I reached the mansion and at once entered upon the business that brought me there. I examined the room where the murder had been committed, and discovered that Mr. Simmonds had been sitting with his back towards the window at the time he was shot, and so true had been the aim that the ball sped through the heart, completely severing it in two, as was ascertained by a postmortem examination.
A broken pane of glass in the library window attested whence the shot came.
The library was on the second floor and situated in the north wing of the mansion. To gain access to this window, (the only one the room contained,) the murderer must have encountered great difficulty, unless he used a ladder to reach it. There was but one other way, which was to climb to the window by the leaden water spouts. I examined the ground beneath the window, and could see no sign of a ladder having been placed there; not a trace of footsteps was visible, and I came to the conclusion that resources was had to the spout.
I procured a ladder and placed it beside the water spout, and made a careful examination of it from the ground up to the library window.
I was soon assured that the murderer had made use of that means to reach the window. The lead was soft and yielding, and it bore the finger marks of the assassin, each finger had made an impression in the metal.
When I had finished this part of the examination I sat down and pondered well over the matter. I had made two very important discoveries: one was the assassin must have fired the weapon with his left hand, for I was perfectly convinced that no man could have held himself by the water spout with the left hand and reached the window with the right, so as to enable him to fire at an object in the middle of the room, where Mr. Simmonds invariably sat while reading, and where he was found seated when discovered in the morning. Now what could I deduce from this circumstance but that the assassin was left handed! My reason for this conviction was a good one. None but a left handed person could have made so fatal a shot from the position he must necessarily have occupied at this time, and that he knew how to use the weapon was also manifest, for no chance shot could have been so fatal in a thousand trials. This, then, was conclusive evidence, and though I made the discovery, I communicated it to no one.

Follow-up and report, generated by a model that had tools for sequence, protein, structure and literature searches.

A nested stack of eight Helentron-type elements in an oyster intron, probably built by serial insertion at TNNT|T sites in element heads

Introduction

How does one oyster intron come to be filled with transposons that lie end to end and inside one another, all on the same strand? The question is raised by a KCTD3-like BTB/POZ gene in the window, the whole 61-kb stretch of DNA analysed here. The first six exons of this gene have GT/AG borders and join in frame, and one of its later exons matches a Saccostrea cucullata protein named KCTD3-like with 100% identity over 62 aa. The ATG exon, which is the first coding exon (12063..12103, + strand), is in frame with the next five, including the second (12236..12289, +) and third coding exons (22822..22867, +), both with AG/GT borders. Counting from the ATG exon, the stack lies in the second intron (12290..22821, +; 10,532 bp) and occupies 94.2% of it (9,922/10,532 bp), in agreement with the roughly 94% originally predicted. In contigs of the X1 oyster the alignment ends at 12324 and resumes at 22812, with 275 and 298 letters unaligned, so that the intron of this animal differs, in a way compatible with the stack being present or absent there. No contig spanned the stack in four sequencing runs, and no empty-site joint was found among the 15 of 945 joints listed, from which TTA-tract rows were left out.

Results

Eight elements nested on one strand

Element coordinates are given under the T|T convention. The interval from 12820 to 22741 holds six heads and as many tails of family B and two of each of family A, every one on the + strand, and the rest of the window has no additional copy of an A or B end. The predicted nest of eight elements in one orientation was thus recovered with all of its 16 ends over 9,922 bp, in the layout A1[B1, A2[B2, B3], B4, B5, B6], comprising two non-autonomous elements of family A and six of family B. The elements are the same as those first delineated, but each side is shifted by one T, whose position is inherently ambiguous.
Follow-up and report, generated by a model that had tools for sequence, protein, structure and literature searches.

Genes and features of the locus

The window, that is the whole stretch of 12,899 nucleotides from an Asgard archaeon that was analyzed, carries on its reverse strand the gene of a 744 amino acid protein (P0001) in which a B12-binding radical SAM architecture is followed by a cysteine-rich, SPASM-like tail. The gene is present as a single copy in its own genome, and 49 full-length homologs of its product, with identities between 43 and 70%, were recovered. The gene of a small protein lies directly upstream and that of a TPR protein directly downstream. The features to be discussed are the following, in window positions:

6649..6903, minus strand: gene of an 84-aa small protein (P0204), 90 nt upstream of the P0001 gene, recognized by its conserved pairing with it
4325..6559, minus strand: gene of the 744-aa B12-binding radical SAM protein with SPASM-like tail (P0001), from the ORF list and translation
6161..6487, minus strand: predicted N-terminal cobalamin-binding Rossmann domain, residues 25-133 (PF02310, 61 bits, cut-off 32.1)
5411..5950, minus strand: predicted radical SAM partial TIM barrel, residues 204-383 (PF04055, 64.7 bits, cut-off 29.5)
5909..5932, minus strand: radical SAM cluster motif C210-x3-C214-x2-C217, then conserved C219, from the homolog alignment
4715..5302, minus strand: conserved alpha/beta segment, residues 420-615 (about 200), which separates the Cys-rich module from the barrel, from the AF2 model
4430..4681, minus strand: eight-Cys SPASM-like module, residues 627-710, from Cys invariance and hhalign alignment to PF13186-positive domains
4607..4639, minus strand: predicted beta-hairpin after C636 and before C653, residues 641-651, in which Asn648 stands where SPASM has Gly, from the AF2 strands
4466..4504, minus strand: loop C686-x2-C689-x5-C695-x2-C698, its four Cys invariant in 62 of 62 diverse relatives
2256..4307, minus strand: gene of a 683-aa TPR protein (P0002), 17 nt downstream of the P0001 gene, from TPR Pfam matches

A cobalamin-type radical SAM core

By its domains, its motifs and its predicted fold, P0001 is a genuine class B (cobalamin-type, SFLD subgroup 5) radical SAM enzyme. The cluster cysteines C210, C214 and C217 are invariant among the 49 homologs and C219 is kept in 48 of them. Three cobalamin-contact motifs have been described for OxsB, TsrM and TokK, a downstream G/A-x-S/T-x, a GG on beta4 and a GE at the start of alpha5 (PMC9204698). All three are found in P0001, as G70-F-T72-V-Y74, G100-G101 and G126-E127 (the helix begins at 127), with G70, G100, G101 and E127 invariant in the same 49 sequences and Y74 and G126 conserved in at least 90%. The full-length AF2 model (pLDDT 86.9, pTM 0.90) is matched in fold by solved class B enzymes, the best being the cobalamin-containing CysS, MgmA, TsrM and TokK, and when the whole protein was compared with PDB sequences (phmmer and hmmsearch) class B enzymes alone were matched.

The other discovery was no less important. The man who had climbed up the spout had but three fingers on the right hand. This was plainly seen by the finger marks on the metal; the spout was marked but in four places by the right hand – the thumb and three fingers, the index finger was gone.
I gave instructions not to allow anyone to meddle with the spout, and deputized a constable to see that my orders were strictly obeyed.
I next questioned the servants of the late Mr. Simmonds—four in number—and elicited the following information.
On the evening previous to the finding of the dead body of Mr. Simmonds, a female mendicant stopped at the mansion and requested permission to stop over night. The woman, a delicate looking creature, seemed much worn out by her tramp during the day, and the kind-hearted cook bade her stay, at the same time asking her to take a cup of tea and something to eat.
The poor creature was apparently half starved and ate ravenously, after satisfying her hunger, she laid down upon a bed the cook had prepared on the floor for her, and in a short time fell asleep.
The woman had a small black traveling valise with her, which she placed under her head before lying down.
Next morning the woman had gone before any one else had arisen, and, strange to say, she had left the black valise lying in some bushes in the rear of the house. It was not discovered until after the departure of Mr. Crofts, the detective.
I instantly asked to see the valise; It was produced, and I broke the lock without hesitation, hoping I might get some further clue to the perpetrators that this (probably pretended) mendicant was an accomplice.
The valise contained absolutely nothing – it was empty. I was on the point of throwing it aside, when I felt the rustling of the paper in the lining; I fished it from its hiding place; it proved to be a letter; its date was three weeks old. The envelope had no address on it, nor had the letter any signature. It ran thus:
IPSWICH, JUNE 3, 1859.
“Call on me, No. 33 Hollings Court, and ask for me. I have a fat job for you and your girl. Call between the hour of 9 and ten in the evening. Burn this letter after you have read it.”
This was all the letter contained; no names were mentioned. It was evident that the request to destroy the note had not been complied with – why, I could only conjecture. Either the recipient meant to keep it for further use, or it had been lost sight of; for when I found it, it was imbedded within the folds of the coarse lining of the valise in such a manner as almost to escape the notice of anyone, but that of a detective bent on getting every clue he possibly could to ferret out a murderer. The reader has seen how even I came very near throwing away this (perhaps) important document.
I made strict inquiries whether anything had been purloined by this woman, & was answered in the negative, at lease, they supposed not, for nothing had as yet been missed.
The kitchen door leading out into the yard, as well as the gate had been left unfastened by the woman. I followed the path she had probably taken when leaving the mansion, and came upon a clump of bushes, where were strewed some scraps of newspaper; these I examined, and saw they were pieces of a London paper.
While mechanically placing the pieces of newspaper in my pocket, I cast my eyes around the spot, and presently they alighted on a square cut-glass bottle of about four ounces capacity. I picked it up, the cork was in it, and the bottle contained a limpid liquid, perhaps two ounces. A label on it designated that it contained chloroform. I opened it, and was soon convinced that such was the case.